Early on we had a pretty good idea of the kind of world we wanted to craft. We chose a world where the citizens are constantly under heavy surveillance; taking inspiration from movies and shows like Minority Report and Person of Interest. We thought we would take this blatant invasion of privacy a step further though and in our world not only are people constantly watched by cameras with facial recognition software, but also have a GPS tracking chip implanted at birth. The government can then use the chip to track your activities at any time.

  • Rebellious Brainstorming

To rebel against this world we decided on developing a way to obfuscate the data that the government was getting thus resulting in them dropping this invasive technology. The first idea was to stop the chip from transmitting a signal to the system there by denying the much needed data the system needs to work. So, we decided on creating a jamming device to block the signal. This was unfeasible though, as it is illegal to make or own one of these in the US.

  • Idea refinement

We also realized, that the absence of data is also data, and that we would need a different method to shut down the system. So, rather than block the signal we chose to spoof it. This involved sending false GPS data out to give the system the wrong data of the person. Just popping up 10 miles away in a moment is just as flag raising though so, our solution would need to be able to move the person to the desired destination at a reasonable pace. During this time a way to fool the facial recognition in the cameras was suggested to us, CV Dazzle. The idea behind this is that by applying  dark makeup in certain spots and designs on the face the software can be fooled into thinking there is no face. This is a subject already being researched, and for our world we imagine that this sort of design can be marketed as a sort of high fashion to proliferate it through the populace. We would create temporary tattoos that can create these designs with a single stamp. Then a person using the aforementioned device and the tattoos would be able to vanish from the government’s eye whenever they wished.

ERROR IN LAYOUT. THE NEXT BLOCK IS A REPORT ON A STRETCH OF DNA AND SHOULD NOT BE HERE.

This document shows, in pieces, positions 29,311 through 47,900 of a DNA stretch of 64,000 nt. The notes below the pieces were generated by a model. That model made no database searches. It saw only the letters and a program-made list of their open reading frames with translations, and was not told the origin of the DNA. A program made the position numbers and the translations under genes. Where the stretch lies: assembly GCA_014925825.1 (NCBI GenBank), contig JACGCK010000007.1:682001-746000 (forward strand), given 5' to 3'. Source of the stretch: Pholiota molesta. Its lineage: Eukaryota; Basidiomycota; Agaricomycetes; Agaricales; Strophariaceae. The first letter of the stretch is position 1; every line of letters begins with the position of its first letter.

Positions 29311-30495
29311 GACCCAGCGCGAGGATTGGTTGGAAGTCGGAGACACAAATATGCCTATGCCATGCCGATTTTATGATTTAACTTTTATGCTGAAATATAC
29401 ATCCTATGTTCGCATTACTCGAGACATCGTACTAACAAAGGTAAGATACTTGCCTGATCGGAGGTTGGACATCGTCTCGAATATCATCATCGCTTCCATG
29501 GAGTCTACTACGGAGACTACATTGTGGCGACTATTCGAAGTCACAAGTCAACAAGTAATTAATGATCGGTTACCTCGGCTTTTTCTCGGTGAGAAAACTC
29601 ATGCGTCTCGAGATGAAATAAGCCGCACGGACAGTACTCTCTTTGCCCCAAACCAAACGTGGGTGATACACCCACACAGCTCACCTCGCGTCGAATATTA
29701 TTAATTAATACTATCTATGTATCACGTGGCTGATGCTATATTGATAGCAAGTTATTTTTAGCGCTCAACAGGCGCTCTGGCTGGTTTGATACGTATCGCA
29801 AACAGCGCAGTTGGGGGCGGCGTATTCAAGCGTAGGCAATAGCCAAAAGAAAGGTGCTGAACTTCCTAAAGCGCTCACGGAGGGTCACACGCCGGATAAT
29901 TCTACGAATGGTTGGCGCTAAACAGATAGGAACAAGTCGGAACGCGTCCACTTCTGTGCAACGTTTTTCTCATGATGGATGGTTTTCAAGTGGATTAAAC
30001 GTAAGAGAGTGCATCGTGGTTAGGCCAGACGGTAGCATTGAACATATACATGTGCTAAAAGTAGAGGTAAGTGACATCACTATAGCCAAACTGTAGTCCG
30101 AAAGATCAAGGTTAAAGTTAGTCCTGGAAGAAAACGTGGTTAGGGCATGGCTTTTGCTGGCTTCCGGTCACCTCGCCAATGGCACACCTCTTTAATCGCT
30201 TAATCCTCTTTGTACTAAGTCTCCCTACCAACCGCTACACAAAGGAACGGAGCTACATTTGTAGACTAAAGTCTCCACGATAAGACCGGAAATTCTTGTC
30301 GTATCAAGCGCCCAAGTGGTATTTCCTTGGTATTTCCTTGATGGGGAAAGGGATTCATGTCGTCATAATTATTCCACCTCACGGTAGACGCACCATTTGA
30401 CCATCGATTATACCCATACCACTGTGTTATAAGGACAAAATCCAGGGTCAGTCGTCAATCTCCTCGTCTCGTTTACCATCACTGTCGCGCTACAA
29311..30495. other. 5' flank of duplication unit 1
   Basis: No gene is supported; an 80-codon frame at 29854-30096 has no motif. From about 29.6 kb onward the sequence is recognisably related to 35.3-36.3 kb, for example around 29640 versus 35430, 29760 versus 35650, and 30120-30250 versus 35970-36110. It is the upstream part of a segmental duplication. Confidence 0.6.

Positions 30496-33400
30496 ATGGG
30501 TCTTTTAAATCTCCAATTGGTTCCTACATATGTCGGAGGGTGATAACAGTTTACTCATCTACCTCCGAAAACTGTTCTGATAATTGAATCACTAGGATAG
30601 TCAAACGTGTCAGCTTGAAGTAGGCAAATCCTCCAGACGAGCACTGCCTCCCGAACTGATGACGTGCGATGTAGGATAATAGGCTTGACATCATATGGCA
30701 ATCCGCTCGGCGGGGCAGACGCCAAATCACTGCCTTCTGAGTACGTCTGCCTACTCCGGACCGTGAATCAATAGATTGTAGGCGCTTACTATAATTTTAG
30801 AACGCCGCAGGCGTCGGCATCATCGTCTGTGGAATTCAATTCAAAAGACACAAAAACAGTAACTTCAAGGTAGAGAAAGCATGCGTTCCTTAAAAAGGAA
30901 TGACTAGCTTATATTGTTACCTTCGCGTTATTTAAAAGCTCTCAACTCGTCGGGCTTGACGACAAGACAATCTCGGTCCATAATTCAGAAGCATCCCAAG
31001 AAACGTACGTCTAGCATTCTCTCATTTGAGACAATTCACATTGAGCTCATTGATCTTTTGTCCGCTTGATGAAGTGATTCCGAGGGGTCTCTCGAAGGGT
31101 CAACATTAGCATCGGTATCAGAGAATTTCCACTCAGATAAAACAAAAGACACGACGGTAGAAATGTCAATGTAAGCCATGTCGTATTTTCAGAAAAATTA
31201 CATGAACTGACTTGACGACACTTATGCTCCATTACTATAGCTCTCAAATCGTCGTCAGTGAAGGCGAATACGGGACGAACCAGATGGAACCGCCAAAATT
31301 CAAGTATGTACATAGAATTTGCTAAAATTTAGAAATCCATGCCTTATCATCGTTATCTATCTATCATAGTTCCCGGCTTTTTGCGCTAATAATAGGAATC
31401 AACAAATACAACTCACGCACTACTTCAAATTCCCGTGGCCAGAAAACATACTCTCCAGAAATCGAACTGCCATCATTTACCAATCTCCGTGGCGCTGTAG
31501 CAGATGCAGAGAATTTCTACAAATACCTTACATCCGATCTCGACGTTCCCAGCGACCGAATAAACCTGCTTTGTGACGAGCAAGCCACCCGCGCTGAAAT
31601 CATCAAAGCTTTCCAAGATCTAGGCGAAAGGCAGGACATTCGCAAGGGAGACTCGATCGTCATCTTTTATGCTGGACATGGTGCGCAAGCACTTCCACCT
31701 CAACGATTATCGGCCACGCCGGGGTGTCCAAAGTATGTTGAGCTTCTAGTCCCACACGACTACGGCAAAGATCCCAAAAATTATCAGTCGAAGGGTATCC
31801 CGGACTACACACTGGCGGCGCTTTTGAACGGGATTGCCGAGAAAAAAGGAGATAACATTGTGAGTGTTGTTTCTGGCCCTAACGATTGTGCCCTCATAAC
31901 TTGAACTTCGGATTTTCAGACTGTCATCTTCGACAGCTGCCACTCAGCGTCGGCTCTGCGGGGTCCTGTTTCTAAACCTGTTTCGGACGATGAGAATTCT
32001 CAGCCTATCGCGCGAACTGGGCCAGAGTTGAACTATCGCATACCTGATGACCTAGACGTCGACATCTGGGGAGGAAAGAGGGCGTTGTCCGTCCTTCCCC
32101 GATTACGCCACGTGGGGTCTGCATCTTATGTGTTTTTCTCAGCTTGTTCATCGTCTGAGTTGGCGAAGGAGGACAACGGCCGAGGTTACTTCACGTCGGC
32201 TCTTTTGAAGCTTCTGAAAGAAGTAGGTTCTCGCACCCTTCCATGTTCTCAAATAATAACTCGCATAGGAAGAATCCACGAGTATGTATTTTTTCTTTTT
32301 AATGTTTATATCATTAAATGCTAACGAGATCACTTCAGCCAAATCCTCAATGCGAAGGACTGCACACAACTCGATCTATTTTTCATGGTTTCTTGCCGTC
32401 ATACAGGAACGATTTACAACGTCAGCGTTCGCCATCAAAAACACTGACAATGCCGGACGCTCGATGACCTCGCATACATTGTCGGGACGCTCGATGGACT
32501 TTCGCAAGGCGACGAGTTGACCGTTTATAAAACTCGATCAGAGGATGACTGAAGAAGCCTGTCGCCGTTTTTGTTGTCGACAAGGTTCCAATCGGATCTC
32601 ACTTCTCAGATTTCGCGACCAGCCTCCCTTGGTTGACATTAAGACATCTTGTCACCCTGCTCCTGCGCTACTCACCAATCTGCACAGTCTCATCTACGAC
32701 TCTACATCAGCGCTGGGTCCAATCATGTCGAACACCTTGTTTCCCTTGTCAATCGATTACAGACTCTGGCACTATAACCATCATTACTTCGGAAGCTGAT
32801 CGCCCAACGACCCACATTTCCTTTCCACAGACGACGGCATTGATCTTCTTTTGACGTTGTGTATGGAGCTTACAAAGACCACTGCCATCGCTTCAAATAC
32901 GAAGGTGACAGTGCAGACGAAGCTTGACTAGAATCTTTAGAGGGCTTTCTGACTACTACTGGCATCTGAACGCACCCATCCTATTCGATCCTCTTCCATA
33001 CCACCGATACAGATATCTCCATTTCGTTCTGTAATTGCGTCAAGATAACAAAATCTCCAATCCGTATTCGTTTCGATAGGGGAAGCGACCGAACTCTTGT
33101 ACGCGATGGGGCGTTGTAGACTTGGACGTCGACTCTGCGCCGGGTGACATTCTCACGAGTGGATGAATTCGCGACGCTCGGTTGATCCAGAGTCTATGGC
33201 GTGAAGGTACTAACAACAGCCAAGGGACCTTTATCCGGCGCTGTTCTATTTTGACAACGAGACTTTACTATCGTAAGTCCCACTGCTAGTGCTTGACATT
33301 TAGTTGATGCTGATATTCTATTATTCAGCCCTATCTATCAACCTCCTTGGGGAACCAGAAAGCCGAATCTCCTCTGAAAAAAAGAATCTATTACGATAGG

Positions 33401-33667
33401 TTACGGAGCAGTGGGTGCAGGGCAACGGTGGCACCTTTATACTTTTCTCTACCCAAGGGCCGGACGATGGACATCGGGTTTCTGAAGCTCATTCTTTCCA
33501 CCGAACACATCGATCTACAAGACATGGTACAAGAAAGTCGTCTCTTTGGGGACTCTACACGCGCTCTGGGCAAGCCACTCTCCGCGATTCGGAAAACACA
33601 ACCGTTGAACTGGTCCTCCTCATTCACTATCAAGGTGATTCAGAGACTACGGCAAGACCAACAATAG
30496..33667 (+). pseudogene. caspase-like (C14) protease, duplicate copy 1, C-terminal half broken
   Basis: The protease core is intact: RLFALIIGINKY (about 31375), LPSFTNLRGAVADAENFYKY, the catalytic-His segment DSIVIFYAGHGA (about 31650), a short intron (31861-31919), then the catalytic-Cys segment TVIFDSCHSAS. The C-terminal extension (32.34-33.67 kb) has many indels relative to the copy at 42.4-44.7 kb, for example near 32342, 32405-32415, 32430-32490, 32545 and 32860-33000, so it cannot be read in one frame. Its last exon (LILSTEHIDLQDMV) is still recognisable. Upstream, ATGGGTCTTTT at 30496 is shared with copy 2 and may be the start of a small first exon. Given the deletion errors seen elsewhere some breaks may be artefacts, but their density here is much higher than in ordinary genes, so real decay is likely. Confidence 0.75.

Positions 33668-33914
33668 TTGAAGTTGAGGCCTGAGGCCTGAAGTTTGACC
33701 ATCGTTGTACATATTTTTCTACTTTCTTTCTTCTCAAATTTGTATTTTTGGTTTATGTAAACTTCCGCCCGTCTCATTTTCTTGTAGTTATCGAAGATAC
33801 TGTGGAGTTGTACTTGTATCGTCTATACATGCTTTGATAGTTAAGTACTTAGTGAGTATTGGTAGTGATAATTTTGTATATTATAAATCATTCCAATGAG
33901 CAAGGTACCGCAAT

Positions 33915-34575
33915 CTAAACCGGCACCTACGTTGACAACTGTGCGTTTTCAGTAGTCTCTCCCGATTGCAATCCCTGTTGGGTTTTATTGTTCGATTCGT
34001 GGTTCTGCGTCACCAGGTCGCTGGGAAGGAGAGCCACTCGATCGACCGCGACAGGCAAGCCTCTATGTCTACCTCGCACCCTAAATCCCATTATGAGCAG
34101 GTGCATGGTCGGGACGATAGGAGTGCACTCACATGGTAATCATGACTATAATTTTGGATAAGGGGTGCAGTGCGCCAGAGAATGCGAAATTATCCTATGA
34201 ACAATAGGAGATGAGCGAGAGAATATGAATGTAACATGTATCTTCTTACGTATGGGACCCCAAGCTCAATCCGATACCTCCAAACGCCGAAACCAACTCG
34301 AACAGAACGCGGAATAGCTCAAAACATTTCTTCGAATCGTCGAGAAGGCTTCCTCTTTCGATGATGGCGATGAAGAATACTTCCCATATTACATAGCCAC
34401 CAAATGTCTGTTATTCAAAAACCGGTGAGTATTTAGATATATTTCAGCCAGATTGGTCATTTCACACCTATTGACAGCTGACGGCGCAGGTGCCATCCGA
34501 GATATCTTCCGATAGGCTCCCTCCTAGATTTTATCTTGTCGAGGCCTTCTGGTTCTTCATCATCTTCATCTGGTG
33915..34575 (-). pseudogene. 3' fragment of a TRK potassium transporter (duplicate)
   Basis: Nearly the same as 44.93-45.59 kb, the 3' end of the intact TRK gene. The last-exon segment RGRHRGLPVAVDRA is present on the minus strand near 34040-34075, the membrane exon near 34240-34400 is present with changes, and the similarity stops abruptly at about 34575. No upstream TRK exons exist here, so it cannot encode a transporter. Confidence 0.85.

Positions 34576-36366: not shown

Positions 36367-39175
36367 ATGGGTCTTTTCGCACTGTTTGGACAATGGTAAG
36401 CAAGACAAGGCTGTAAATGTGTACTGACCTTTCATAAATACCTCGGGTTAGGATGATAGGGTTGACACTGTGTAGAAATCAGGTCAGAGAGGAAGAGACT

• Prototyping

The prototyping design process is documented below.

Red Herring (The App)

We wanted the name to be something that fit the function of our app. In our original idea, the watch only blocked the signal and “made you invisible to the government.” We came up with our first name for this device, RabbitHole, to fit the function of this device. However, we got a lot of feedback that the government would easily notice random GPS signals disappearing from their tracking. So we changed this to fit the feedback. Our new idea was to jam the signal but also create a fake signal that sends false location data to the government. At this point, we looked for names that fit the new function of this device. Since the new functionality was mainly to mislead the government, we came up with the name Red Herring.

Wireframe and Ideation:

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Our final Red Herring product looked like the following:

CobraCover (The Tattoos)

The name for this was inspired by designs on a cobra that is meant to trick its enemies. Similarly, the function of our app is for people to trick the government by making their facial recognition unreliable, ultimately bringing the system down.

We made some designs that were inspired by existing designs that trick facial recognition.

Sample Designs:

Our final product, applied, looks like:

We tested these designs through a site called Face++. This site lets you upload a picture and it will identify faces and the features of the face (race, sex, head tilt, etc.). The results of our testing looked are below. The blue dots are meant to match up to the eyes, nose, and corners of the mouth.